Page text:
The computing industry progresses in two mostly independent cycles: financial and product cycles. There has been a lot of handwringing lately about where we are in the financial cycle. Financial markets get a lot of attention. They tend to fluctuate unpredictably and sometimes wildly.
A few months ago, my friend Tim took a new sales job at a Series C tech company that had raised over $60 million from A-list investors. He’s one of the best salespeople I know, but soon after starting, he emailed me to say he was struggling.
Socrates, considered as one of the founders of Western philosophy, was once named the wisest man on earth by the Oracle of Delphi. When Socrates heard that the oracle had made such a comment, he believed that the statement was wrong.
My framework for getting places, accomplishing things and living in a way that makes me happy. This isn’t a bullshit, head in the clouds, you can do it if you just *believe* post. There’s plenty of those out there. I’m not going to write another one.
There’s only one thing, one constant thing that I believe keeps me moving closer to my goals, and keeps me fixed on what I want to do. It’s got nothing to do with being close to the universe or attracting things to me with positive energy. My secret weapon is that I read.
What you eat makes a huge difference in how optimally your body operates. And what you spend time reading and learning equally affects how effectively your mind operates. Increasingly, we’re filling our heads with soundbites, the mental equivalent of junk.
Since my tips to improve your writing in two minutes were so popular, I thought I’d share some similar tips to improve your next conversation.
Sometimes, to become successful and get closer to the person we can become, we don’t need to add more things — we need to give up on some of them.
If there’s one word to describe Isaac Asimov, it’s “prolific”. To match the number of novels, letters, essays and other scribblings Asimov produced in his lifetime, you would have to write a full-length novel every two weeks for 25 years.
Have you ever noticed how some of the world’s most successful entrepreneurs and leaders see reality in a fundamentally different way? When they talk, it’s almost as if they’re speaking a different language.
Learning should not end after formal education. Lifelong learning, the ongoing, voluntary, and self-motivated pursuit of knowledge can enrich your understanding of different topics and make you a better person every day.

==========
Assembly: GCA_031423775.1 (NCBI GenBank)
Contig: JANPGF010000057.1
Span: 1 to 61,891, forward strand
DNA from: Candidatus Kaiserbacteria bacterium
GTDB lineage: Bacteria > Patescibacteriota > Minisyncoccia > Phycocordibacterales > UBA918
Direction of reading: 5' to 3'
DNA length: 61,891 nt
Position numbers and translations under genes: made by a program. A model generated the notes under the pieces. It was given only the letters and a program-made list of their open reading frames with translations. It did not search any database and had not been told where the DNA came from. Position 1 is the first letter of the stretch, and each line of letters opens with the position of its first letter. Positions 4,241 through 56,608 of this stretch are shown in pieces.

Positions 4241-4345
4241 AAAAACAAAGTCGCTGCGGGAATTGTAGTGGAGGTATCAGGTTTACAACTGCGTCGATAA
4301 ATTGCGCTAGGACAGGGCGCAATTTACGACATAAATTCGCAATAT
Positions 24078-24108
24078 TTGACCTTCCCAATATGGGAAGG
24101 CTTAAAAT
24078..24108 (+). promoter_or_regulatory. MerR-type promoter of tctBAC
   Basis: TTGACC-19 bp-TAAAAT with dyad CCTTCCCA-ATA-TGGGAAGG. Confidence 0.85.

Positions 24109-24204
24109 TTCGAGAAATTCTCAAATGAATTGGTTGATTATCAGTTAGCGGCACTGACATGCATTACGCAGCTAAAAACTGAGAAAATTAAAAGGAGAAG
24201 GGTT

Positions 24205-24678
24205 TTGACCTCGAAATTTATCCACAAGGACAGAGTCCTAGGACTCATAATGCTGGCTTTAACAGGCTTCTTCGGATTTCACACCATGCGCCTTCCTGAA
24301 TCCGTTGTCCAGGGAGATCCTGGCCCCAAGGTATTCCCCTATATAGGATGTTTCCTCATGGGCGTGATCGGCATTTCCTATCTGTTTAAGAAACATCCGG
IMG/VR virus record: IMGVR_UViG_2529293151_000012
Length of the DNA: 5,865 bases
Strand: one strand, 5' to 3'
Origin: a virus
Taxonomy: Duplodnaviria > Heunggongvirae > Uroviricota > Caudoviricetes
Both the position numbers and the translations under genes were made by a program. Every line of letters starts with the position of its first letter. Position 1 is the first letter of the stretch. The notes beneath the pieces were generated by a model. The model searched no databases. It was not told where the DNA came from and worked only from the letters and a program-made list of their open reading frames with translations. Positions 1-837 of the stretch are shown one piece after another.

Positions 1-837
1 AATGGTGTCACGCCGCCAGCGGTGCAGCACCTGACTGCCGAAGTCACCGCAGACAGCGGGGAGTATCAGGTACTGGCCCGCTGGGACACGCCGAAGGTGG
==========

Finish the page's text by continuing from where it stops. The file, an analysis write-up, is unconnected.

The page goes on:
Estimated reading time: 12 minutes. I’m an expert on how technology hijacks our psychological vulnerabilities. That’s why I spent the last three years as a Design Ethicist at Google caring about how to design things in a way that defends a billion people’s minds from getting hijacked.
The “conspiracies” were true, and the mainstream media lied to you to about everything. Wikileaks has a 10-year record of never releasing a single falsified document, and is not connected to Russia. Everything they released were the actual e-mails of Hillary Clinton and her campaign staff.
A certain farmer had become old and ready to pass his farm down to one of his two sons. When he brought his sons together to speak about it, he told them: The farm will go to the younger son. The older son was furious! “What are you talking about?!” he fumed.
If you had asked 22-year-old me what my “career aspirations” were, I would have looked at you blankly and then casually changed the subject to what programs you’d recommend to model cute 3D bunnies for a video game, or whether the writers of Alias would be so devious as to ship Sydney Bristow
Ahhh, productivity. The revered topic in both the business and personal world. It seems we’re all looking for a magic bullet to help us get more done in less time.
Little things become big things. When you justify and allow even little things into your life which your intuition warns you against, you permit a virus to enter your life. It spreads to other areas.
To become more more successful at everything you do in life, you need to do three things: reduce the amount of time you waste, be more organized, and get rid of the “mental clutter” that distracts you, preoccupies you, and stresses you out.
Everything has to be a billion dollar idea that changes the world or it isn’t worth doing. Reality is, that for every thoughtfully articulated and executed world domination master plan, most of the biggest and impactful companies started out with much more humble ambitions.
Despite turbulence and other conditions keeping airplanes off-course 90 percent of flight time, most flights arrive in the correct destination at the intended time.
I read technology articles quite often and see plenty of authors attempt to dissect or describe the teenage audience, especially in regards to social media. However, I have yet to see a teenager contribute their voice to this discussion. This is where I would like to provide my own humble opinion.
In a few seconds, I want you to stop reading this article, and follow the instructions below. Machine learning and artificial intelligence (ML and AI) have seized Tech mindshare in a way few topics have in recent memory.
According to psychological research, the anticipation of an event is almost always more emotionally powerful than the event itself. The dread of asking your boss for a raise is paralyzing and can last months. Yet, once you get yourself to finally do it, it’s over before you know it.
OK, first things first. This guide is not for everyone. Who is this guide for? If you went to art school or consider yourself a UI designer already, you will likely find this guide some combination of a.) boring, b.) wrong, and c.) irritating. That’s fine. All your criticisms are right.
If there’s one pattern I’ve come across in dozens of articles, books I’ve read, and the 100’s of people that I’ve interviewed, it’s that the most prolific, productive and successful ones don’t depend on to-do lists, they depend on a calendar.
The best advice I’ve ever got about reading came from a secretive movie producer and talent manager who’d sold more than 100 million albums and done more than $1B in box office returns. He said to me one day, “Ryan, it’s not enough that you read a lot.